Chinese government puts its foot down: End of the Chinese IB for Western FX firms?

The new rules stipulate that customers of firms that need to send money abroad must give reasons for doing so, including having to pledge to the government that any money sent abroad won’t be used for securities including online trading

China Investment

Any speculation by industry bodies, central banks, liquidity providers and brokerages in the free market nations of the world that China would somehow liberalize its policies and angle them toward allowing overseas business to be conducted more freely has most certainly been quashed this week.

Today, China’s communist government has set new requirements for citizens wishing to convert the yuan into any foreign currency.

The State Administration of Foreign Exchange, the currency regulator, said in a statement which was issued on December 31 2016 that it wanted to close loopholes exploited for purposes such as money laundering and illegally channeling money into overseas property.

While the regulator left unchanged quotas of $50,000 of foreign currency per person a year, citizens faced extra disclosure requirements from January 1 this year.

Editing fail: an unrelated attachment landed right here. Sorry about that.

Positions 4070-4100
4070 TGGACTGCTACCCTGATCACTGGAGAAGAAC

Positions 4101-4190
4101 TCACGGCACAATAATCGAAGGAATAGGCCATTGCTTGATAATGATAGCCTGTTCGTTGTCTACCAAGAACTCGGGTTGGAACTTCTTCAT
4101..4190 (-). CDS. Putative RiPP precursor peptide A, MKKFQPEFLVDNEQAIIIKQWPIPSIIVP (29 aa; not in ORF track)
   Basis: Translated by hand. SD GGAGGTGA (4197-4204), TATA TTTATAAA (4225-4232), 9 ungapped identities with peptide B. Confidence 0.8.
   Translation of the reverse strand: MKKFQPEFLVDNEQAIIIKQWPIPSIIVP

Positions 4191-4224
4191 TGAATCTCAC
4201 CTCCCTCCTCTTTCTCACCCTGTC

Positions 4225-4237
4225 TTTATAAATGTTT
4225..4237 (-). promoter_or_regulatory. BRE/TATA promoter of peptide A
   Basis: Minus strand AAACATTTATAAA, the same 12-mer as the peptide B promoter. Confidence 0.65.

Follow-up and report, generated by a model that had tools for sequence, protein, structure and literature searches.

One of the main commercial tugs-of-war has been that whilst mainland China is a vast and highly attractive place in which to do business, with eager retail traders that often have enormous property portfolios generating long-term investment potential whilst trading the monthly rents from said properties on the extremely liquid currency market, all loyal to regional introducing brokers (IBs) which themselves are more like large brokerage firms, while at the same time the entry barriers are high because of the inability to gain any transparency with regard to any metrics in China, and the Chinese government policy of blocking the vast majority of internet sites, payment channels and connections with the non-Chinese world.

An even greater advantage is that the highly sophisticated IBs in China’s several second tier development towns are often responsible for over 90,000 lots per month, made up of a combination of retail traders and managed FX funds, and have, along with their clients, a preference for Western brokerages based in Britain, Canada or Australia.

This is all a fantastic and well organized business opportunity for brokerages, however the entry barrier is that China’s communist government blocks all forms of money transfer via merchant services providers such as Visa or Mastercard, neither of which have any presence in China and do not function there, and the underlying knowledge that transferring large sums of money abroad to do business with non-aligned companies in the Western world is illegal.

The de facto way of doing business via IBs is to found a joint venture partnership which is partially owned by a Chinese entity which in turn has a percentage owned buy the Chinese government as is mandatory, and then for the Chinese IB to manage customer relations, portfolios, retail client accounts, withdrawals, back office functions and the general operation of the business, whilst using a Western broker as the actual dealer.